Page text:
Created By: RazorSmile on June 11, 2011 Last Edited By: Rosuav on June 30, 2011

Jack of All Trades, Master of All

Conan, who is best in life!

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Couldn't come up with a better name. Anyway, this is the guy in a superhero or fantasy setting whose power is excellence in every skill. The classic example would be Mister Terrific of the DCU. His superpower is explicitly that he's better than everyone at everything. The only other example that immediately comes to mind for me is Dan "Grind" Tracey of the ASH universe.


Anime and Manga

Comic Books

Web Original
  • Dan "Grind" Tracey, Academy of Super Heroes universe.

Western Animation
  • Gaston from Beauty and the Beast thinks he's this (as do all his yes-men).
Community Feedback Replies: 22
  • June 11, 2011
  • June 12, 2011
    Lug the Even-Handed/Long-Handed. He who can do anything other gods and goddesses can do, his claim to divine dominion is that only he can do them all.
  • June 15, 2011
    Kane from Karl Edward Wagner's books. He looks like your typical barbarian hero but he is old enough to have learned pretty much everything, including advanced magic.
  • June 16, 2011
    In the manga, Golden Boy, the main character is either peerlessly skilled in anything introduced to the series or learns it so fast he quickly out paces everyone he was learning it from.
  • June 16, 2011
    May also be a Mary Sue.
  • June 16, 2011
  • June 16, 2011
    Really, the title makes more sense to me as Master Of All Trades Jack Of None.
  • June 16, 2011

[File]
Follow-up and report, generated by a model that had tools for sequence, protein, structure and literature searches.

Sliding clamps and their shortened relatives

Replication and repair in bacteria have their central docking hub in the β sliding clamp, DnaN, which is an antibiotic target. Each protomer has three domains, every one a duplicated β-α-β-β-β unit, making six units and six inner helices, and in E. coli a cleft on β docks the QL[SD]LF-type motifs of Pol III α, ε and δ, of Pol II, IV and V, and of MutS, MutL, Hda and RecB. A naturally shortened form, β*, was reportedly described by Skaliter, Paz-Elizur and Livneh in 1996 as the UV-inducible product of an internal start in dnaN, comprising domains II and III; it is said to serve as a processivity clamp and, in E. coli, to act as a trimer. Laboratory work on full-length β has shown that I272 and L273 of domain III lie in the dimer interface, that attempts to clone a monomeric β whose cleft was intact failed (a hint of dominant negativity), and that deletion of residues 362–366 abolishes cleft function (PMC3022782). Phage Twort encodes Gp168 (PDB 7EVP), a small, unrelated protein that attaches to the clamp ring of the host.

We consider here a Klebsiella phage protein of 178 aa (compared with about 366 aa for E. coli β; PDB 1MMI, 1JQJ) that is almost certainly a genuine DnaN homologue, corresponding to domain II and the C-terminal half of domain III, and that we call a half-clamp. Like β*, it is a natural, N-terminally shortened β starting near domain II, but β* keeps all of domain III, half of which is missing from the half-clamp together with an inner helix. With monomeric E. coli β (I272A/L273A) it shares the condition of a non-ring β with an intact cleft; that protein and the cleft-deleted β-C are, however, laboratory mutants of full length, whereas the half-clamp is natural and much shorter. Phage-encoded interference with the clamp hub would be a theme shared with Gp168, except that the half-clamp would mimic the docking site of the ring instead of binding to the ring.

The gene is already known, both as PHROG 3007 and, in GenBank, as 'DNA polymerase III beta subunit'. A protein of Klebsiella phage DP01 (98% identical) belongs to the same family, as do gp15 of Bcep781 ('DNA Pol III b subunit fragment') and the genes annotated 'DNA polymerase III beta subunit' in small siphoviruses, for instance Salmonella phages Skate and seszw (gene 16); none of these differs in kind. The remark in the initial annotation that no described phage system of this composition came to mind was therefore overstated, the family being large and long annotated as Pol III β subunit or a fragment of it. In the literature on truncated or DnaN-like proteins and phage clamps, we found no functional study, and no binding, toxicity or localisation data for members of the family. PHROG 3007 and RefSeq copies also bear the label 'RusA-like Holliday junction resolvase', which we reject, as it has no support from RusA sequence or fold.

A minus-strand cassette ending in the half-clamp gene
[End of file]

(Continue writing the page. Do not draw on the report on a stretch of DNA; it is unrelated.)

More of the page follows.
• June 16, 2011
    Yeah, at first glance, this sounds a lot like God Mode Sue to me. How does this trope differ from that? Not saying it doesn't, just want to hear what the difference is.
  • June 17, 2011
    If I'm reading this correctly (and Razor Smile can correct me if I'm wrong), this is someone who (in a world with superpowers) has the ability to master any skill as their superpower.
  • June 17, 2011
    @Razor Smile: Is this trope:
    • As foxley said - someone who can quickly and easily gain mastery in any skill by study/practice?
    • The ability to have mastery of any needed skill without having previously studied/practiced it?

    Type 1:

    Comic Books
    • Marvel Universe. The villain Taskmaster can learn any physical skill (especially fighting styles) just from watching someone use it.

    Type 2

    Tabletop RPG
    • S. John Ross' article Beyond the Grip of Realism for GURPS. The "Up to the Challenge" advantage allows you to use any physical skill you need to, even if you've never used it before in your life.
  • June 17, 2011
    • The Majin units in the first Disgaea game.
  • June 17, 2011
    Jack Of All Trades Master Of All makes no sense. It should be Master Of All Trades or something.
  • June 17, 2011
    Mythology: Lugh of Irish mythology is known for his plethora of skills; as a young man, when he wanted to join the court of Nuada, they tried to turn him away because they already had a wright, a smith, a champion, a swordsman, a harpist, a hero, a poet and historian, a sorcerer, and a craftsman -- but they didn't have someone who was all these things simultaneously, so they had to let him in.
  • June 28, 2011
    How about Anything You Can Do? Alludes to the famous song.

    Or does it sound too much like an invitation for someone to help out in any way they can?
  • June 28, 2011
    ^We've already got Anything You Can Do I Can Do Better, to which I imagine this is related.

    I don't get the laconic. "Conan, who is best in life!"? What does that mean?
  • June 28, 2011
  • June 28, 2011
    Definitely related to Renaissance Man... but where Renaissance Man implies simply being capable of a lot of things, this trope is about being the best at a lot of things (practically everything).

    But it does suggest a good name for the trope. Renaissance Master.
  • June 29, 2011
    @randomsurfer: it's a reference to "Conan, what is best in life?!"
  • June 29, 2011
    ^ Still doesn't make sense for a laconic entry, though.
  • June 29, 2011
    ^^I have zero idea what that means. Is it a line from something? Is it about the barbarian or the brian?
  • June 30, 2011
    The laconic could definitely use work. I thought it was a reference to the detective, actually.